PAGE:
Infant vision: development by months, features

In anticipation of the long-awaited meeting with a newborn son or daughter, every parent tries to imagine how they will lovingly and tenderly gaze into the baby’s eyes and enjoy their responsive gaze. But it doesn’t always work out that way: contrary to expectations, the baby spends most of the time with their eyes closed, squinting like a kitten, as if the sunlight causes discomfort.

Baby vision

Sometimes the infant looks towards the source of light without paying much attention to their surroundings. This is due to the immaturity of the visual organs at this age.

Like any aspect of development, the formation of a baby’s visual abilities largely depends on the tactics chosen by their parents. Here are the key rules to follow from the first days of the child’s life:

  • good lighting in the room where the newborn is kept;
  • toys that correspond to the age of the child;
  • systematic exercises that will take parents no more than a few minutes 3-4 times a day.

Baby’s first glance

In the first days after birth, a baby’s vision is characterized by the manifestation of unconditional reflexes: the reaction of the pupils to light and the direction of the gaze toward the source of light. The baby begins to react to bright light even before birth, at 28 weeks of pregnancy. However, although light sensitivity is already present in the first days of life, it is not yet sufficiently developed and only reaches 2/3 of the “adult” level by 6 months.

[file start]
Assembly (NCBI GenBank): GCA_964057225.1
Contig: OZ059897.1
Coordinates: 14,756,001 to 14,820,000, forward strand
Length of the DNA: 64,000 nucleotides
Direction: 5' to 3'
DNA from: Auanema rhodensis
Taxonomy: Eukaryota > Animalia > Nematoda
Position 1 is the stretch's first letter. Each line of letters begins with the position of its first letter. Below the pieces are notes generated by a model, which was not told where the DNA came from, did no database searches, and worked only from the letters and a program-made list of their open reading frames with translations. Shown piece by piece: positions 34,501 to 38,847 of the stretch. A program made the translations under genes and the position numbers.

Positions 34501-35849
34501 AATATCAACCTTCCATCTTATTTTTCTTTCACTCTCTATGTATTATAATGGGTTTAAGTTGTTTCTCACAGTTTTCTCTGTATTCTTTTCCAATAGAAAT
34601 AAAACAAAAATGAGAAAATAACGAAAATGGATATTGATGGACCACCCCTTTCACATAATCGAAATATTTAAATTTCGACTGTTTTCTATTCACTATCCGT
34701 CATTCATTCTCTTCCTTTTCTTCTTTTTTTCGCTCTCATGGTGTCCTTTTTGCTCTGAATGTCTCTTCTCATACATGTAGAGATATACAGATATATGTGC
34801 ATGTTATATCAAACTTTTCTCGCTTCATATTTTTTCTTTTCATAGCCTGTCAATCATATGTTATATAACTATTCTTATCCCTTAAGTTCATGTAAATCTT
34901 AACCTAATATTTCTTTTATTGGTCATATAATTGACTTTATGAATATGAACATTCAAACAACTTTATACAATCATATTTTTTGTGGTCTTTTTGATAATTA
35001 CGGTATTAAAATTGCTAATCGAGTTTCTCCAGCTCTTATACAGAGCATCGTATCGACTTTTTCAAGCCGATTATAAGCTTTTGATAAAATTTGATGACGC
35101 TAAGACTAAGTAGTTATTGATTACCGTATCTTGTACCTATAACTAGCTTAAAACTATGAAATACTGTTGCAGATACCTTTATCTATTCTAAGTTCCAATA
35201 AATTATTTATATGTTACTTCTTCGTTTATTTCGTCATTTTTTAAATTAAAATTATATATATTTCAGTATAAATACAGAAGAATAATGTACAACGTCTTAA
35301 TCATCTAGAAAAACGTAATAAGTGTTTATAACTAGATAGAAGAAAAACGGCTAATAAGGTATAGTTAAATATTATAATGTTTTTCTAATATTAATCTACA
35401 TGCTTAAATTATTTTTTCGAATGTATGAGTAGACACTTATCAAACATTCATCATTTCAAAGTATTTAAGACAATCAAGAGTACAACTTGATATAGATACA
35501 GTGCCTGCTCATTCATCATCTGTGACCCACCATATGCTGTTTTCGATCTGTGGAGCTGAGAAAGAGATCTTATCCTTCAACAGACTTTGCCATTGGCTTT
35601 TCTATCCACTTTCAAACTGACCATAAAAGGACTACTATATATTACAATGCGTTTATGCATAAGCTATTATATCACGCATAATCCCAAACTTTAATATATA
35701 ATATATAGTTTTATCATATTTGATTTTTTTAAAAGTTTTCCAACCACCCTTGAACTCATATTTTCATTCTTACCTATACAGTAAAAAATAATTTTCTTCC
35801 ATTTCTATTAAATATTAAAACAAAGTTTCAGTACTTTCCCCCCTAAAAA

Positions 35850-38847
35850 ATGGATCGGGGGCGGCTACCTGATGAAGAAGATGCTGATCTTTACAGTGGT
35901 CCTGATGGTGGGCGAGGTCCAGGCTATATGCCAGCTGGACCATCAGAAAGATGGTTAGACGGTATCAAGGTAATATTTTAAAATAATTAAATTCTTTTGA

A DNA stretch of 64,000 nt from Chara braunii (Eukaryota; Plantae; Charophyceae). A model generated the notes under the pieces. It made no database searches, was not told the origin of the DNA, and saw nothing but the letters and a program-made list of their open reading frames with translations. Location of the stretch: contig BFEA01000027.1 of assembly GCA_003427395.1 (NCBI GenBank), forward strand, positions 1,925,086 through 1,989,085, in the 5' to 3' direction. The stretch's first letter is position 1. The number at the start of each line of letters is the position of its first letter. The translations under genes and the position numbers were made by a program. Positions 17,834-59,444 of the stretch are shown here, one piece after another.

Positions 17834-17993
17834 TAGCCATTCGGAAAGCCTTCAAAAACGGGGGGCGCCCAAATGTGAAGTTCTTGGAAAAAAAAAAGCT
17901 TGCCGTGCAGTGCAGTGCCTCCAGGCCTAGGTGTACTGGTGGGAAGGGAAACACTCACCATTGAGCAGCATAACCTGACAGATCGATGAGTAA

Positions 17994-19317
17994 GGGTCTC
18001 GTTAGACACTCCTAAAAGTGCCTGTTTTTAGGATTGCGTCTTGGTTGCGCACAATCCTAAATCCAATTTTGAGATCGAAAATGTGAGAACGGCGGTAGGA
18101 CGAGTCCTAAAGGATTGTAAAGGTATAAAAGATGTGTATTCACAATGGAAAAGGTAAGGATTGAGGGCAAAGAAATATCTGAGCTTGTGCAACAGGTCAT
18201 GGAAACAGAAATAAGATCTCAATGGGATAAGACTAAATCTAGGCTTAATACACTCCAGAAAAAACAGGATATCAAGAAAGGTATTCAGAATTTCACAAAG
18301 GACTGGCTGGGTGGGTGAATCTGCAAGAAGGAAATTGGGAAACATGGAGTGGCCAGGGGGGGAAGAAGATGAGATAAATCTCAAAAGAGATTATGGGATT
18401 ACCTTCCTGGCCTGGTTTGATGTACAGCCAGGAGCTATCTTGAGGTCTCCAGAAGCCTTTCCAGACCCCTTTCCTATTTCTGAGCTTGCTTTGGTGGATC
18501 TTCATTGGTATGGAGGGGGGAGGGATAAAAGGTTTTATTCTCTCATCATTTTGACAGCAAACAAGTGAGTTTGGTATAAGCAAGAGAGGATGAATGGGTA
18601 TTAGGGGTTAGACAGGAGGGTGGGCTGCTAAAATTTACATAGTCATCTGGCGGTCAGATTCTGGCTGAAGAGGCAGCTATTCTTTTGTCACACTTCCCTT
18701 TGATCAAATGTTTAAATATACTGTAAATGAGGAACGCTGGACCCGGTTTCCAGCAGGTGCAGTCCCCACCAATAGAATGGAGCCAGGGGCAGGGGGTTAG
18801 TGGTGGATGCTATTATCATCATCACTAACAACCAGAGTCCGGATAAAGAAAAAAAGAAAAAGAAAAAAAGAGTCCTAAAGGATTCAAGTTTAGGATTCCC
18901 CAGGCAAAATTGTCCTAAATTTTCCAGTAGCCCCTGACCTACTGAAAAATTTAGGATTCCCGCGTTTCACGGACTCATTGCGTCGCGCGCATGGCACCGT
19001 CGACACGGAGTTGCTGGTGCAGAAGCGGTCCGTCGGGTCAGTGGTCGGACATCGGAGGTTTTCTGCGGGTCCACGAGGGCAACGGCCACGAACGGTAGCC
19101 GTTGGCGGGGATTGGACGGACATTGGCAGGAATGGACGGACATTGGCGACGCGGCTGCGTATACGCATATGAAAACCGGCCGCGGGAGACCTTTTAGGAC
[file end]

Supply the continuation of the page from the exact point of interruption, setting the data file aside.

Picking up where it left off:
Central vision

The development of central vision, responsible for recognizing the shape of objects, begins at 2 or 3 months. The degree of formation of this visual function is visual acuity, which is normal at a level of one, or 100%. A child reaches this level at 6 or 7 years old, sometimes even 10-11.

Interestingly, a newborn baby perceives objects best at a distance of 20-25 cm from the eyes, the same distance that separates them from the mother’s face during breastfeeding. At the same time, it is recommended to place toys in the crib and stroller a little further away, about 40 cm from the baby’s eyes. The image will be more blurred, but in this way the baby will avoid developing strabismus.